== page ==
REACTIVE VS. PREVENTATIVE HVAC MAINTENANCE
Heating, ventilation and air conditioning (HVAC) systems control indoor climates and maintain suitable airflow to maintain the comfort and safety of people inside buildings. In some cases HVAC systems must do more than ensure occupant comfort and must control the environment very precisely to ensure suitable conditions for the operation of equipment for example. Proper operation of HVAC systems is therefore extremely important and since all systems degrade with continuous operation over time, it is essential that maintenance is performed.
HVAC maintenance refers to activities that aim to keep the individual mechanical systems that make up an HVAC system operating, preferably at optimum performance, over the lifespan of a building. These activities may include repairing or replacing damaged, worn or broken components; cleaning heat exchangers, tubes and vents; lubricating moving parts; and topping up working fluids.
Maintenance strategies differ widely with cost optimization generally being the foremost concern. The four basic maintenance strategies are reactive, preventative, predictive and proactive maintenance with the former two strategies being the simplest and most common.
Reactive maintenance operates according to the old adage “if it ain’t broke don’t fix it” and is effectively a run-to-failure strategy. Maintenance is avoided until a breakdown occurs and a component must be fixed or replaced before the HVAC system can continue operating.
On the surface this strategy may appear attractive since it keeps routine maintenance costs to a minimum and requires fewer dedicated maintenance staff. However, in the long run, reactive maintenance seldom results in lowest overall costs. Breakdowns result in unscheduled downtime which is often expensive and emergency repairs may drive labor costs up due to the need for overtime work to get things back up and running as quickly as possible. In addition, before complete failure occurs, it is likely that poorly operating components will have been causing the HVAC system efficiency to suffer resulting in increased operating costs.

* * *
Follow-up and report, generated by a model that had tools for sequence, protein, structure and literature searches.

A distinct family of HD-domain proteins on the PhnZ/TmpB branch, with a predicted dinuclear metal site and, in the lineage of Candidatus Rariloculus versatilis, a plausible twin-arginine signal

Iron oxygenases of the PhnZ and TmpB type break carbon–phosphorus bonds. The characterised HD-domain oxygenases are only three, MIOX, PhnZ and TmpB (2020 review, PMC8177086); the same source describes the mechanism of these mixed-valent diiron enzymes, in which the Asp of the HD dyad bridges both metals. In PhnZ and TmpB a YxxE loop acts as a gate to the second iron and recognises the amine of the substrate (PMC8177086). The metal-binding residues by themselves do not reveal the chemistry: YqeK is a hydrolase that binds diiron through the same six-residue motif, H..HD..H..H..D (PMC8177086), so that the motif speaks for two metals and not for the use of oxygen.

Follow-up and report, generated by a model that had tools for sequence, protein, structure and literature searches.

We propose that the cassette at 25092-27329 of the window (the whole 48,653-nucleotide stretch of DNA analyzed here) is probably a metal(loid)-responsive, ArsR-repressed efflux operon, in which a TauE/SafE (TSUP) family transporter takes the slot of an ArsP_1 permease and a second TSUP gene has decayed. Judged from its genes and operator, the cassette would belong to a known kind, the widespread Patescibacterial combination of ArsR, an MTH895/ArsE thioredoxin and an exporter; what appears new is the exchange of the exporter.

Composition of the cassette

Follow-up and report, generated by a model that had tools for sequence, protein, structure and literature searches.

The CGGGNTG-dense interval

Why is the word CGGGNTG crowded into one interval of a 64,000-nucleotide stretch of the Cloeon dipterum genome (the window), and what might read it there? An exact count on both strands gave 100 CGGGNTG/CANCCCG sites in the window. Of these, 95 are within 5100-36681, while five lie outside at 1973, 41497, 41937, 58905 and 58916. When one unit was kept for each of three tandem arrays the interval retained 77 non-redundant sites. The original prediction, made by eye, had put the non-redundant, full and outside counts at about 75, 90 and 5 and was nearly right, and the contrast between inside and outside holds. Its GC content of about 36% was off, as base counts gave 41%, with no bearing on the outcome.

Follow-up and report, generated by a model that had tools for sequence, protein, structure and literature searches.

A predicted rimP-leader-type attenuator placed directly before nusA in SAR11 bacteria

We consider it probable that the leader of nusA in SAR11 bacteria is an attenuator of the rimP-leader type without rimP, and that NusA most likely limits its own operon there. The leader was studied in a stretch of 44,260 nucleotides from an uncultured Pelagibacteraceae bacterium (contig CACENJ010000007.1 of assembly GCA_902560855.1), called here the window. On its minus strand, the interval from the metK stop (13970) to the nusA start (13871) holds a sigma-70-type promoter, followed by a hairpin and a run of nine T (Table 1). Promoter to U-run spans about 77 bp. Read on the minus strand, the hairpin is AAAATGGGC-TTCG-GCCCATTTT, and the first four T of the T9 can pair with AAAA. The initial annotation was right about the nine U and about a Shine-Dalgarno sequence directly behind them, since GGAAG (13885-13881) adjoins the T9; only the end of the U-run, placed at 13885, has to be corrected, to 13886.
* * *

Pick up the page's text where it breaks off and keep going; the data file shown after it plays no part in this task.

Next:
In preventative maintenance, HVAC equipment is inspected and basic maintenance activities are carried out at scheduled intervals. While the risk of breakdown is not avoided completely, the regular attention paid to the equipment makes it more likely that problems will be identified before catastrophic failure occurs and as such downtime can be scheduled to effect a repair or replacement. In addition, the regular basic maintenance activities (cleaning, lubricating etc.) should result in components lasting longer and HVAC system efficiency remaining at a higher level over time.
Preventative maintenance requires on-going effort, often a dedicated maintenance team, and incurs routine maintenance costs. These costs may seem unjustified when a scheduled maintenance activity effectively has no immediate effect, however, over time a well-executed preventative maintenance plan should result in reduced overall costs.
Energy Costs and Preventative Maintenance
Low cost preventative maintenance measures targeting energy efficiency have been predicted to reduce building energy consumption by between 5 and 20%.
The Best Solution?
The cost optimization calculation relating to HVAC maintenance is likely to be complicated and several diverse factors need to be considered: the size and complexity of the system, the availability of well trained staff, the cost of down time etc. While preventative maintenance is clearly capable of reducing lifecycle costs associated with HVAC, the level of sophistication of this strategy for lowest cost will be highly case specific. Pure reactive maintenance is however unlikely to ever be the best solution and some level of preventative intervention should be the norm.
By Michael Owen, PhD
Michael is a mechanical engineer working in academia. His research encompasses various aspects of fluid dynamics and heat transfer with a strong emphasis on industrial heat exchangers.